The Doctor woke up suddenly; scrambling to sit up in a slow groggy panic. There was nothing, no threat. After a moment he calmed, or at least tried to while his hearts still raised, there was no visible danger but something was still wrong.
He put his hand on the empty space beside him on the bed where the covers were bunched and wrinkled. Still warm. Sighing, the Doctor stepped into his slippers and pulled his dressing gown tight around himself.
Padding through the corridors with the TARDIS in night mode always made him feel like a child up to no good; out to raid the kitchens for sweets or some such thing. Growing up on Gallifrey there had never been much in the way of sweets or even kitchens for him to sneak to in the night. But all the same the dim light and half octave low hum of the engines made him feel small and cautious.
It didn’t take long to find him; the Doctor didn’t know where it was his wandering was leading him but letting his mind drift and his feet go where they would always seamed to bring him to where he needed to be. Especially when someone needed him there.
The door to the gardens was tellingly ajar. Stepping inside, the grass tickled the exposed sides of the Doctor’s feet and a cool night breeze pushed his hair around. There was no physical sign that he was not alone but he knew he was in the right place.
Measured strides brought him to the base of a hill, he knew there to be a lake beyond and rose gardens some where to the north, at least that’s where they were last time he’s been here. Last time he’d been here the gardens had been bathed in sunlight, infused with colour too bright and perfect to be real. Now everything was cast in silvery blue and while no less fake it seamed to the Doctor more solid.
He saw a form in the distance; the silhouette of a person wrapped in a blanket, sitting on one of the more ornate benches, staring up at the artificial sky. The Doctor breathed out, expelling the spectres of half formed fears, and made his way to the stargazer’s side at an unhurried pace.
No response, so the Doctor simply sat down beside him; close enough to make it easy for him
to bridge the gap should he need to. The Master’s eyes were red and his face was drawn; the Doctor couldn’t remember the last time seeing him look so tired.
He counted his hearts’ beat and waited, watching the Master from the corner of his eye, his brow pulled down in worry. But for all the Doctor’s faults, the one thing he was this time around was slightly more patent and he bore the silence stoically enough.
The Master was so still that in the moments between breaths, the Doctor’s mind would take a turn to the absurd and imagine for a moment he had turned to stone. Before he could speak, his friend would breath again and the Doctor would feel pointedly silly, only to do it again in the next moment.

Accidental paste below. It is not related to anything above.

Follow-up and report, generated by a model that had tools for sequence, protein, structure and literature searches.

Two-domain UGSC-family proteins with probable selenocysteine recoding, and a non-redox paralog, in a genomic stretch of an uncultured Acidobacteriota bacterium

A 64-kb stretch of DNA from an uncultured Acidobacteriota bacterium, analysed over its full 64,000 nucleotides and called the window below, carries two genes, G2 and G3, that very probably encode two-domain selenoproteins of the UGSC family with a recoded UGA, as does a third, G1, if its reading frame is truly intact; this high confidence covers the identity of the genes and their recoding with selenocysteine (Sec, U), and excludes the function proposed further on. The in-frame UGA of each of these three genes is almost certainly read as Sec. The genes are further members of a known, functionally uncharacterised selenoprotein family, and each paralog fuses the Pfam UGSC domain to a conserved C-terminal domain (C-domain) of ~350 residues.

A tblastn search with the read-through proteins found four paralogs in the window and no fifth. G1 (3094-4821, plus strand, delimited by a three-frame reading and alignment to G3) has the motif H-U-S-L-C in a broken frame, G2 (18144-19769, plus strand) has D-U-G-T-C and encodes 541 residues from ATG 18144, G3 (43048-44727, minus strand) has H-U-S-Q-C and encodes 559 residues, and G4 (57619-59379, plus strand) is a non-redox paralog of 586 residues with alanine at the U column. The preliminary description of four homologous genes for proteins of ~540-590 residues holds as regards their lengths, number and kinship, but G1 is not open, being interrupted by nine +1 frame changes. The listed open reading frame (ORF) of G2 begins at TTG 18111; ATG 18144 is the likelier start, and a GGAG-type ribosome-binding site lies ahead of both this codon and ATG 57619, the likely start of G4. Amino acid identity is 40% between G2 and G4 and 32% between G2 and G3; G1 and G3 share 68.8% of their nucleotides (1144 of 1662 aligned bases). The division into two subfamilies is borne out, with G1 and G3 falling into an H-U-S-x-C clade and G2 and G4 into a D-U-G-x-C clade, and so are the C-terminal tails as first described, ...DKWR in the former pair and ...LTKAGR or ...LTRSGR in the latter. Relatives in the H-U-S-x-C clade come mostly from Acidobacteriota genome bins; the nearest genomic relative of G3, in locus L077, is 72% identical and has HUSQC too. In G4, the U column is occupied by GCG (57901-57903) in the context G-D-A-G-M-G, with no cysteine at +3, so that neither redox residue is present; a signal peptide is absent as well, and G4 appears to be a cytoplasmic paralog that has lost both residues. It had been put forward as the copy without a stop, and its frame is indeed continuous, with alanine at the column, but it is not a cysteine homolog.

When the Master did finally move, the Doctor started slightly but then simply watched as the Master held his own hand out in front of himself; making a fist and releasing it, splaying his fingers out against the sky.
“It was unimaginable,” the Master started suddenly as though he had resumed from a brief pause in an on going conversation. “The pain, the torture of existence in that broken form.”
The Doctor was silent, watching, waiting, uncertain what was wanted of him, if anything at all. They’d never spoken about that time before. Not directly. The Doctor knew, vaguely, scientifically, what happened to a Time Lord body pushed past it’s naturally limits. The whys and the hows and the broad ethics of it all had been discussed. But never like this.
Never with the Master shaking beside him as fear threaded to over take him, tearing down all his bravado and ego. Leaving him something so delicate the Doctor could barely make his mind connect it to the man he knew.
“I could feel it slipping away. The skin--” the Master choked but cared on in an even tone. “The skin pealing from my body. Every raw nerve alive with the most blinding sort of agony.”
“And you were there, you were there laughing. Laughing, surrounded by your children. And they cheered, cheered for the fall of--”
“Master stop.” The Doctor commanded as he took the Master’s hands and forced him to face him. Bright blue eyes, wide and frantic, stared up at the Doctor. He held the gaze, refusing to back down and breath by breath the Master calmed.
“Sometimes it feels as though it’s all going to slip away.” As the Doctor looked down at him, he knew the Master wasn’t talking about his current body any more. He squeezed he Master’s hands tighter.
“It’s a funny old universe. The things that happen, the most terrible horrible things, things that really shouldn’t. And the most wonderful too, good things that occur against all odds. And some things that are both all rolled up in one. It so full of surprises that even the people whose business it is to keep on top of these things get thrown for a loop. Maybe even more than the people just hanging on for the ride.”
“But Master, there are constant things too, that will never ever change and I promise you that this is one of them.”
“You can’t know that.”
“No, but I believe it.”
“You’re a fool.” The Master smiled and let himself fall against the Doctor’s chest. The Doctor wrapped his arms around him.
“Half right, I’m your fool and now that you have me there is no getting rid of me. I’m ridiculously stubborn, you know, and my mind is all made up, I’m afraid you are stuck with me Master. Stuck for a good long--”
“Silence, Doctor.” The Master laughed softly and mumbled into the Doctor’s chest. The Doctor smiled.
“Yes, yes, me too. Of corse.”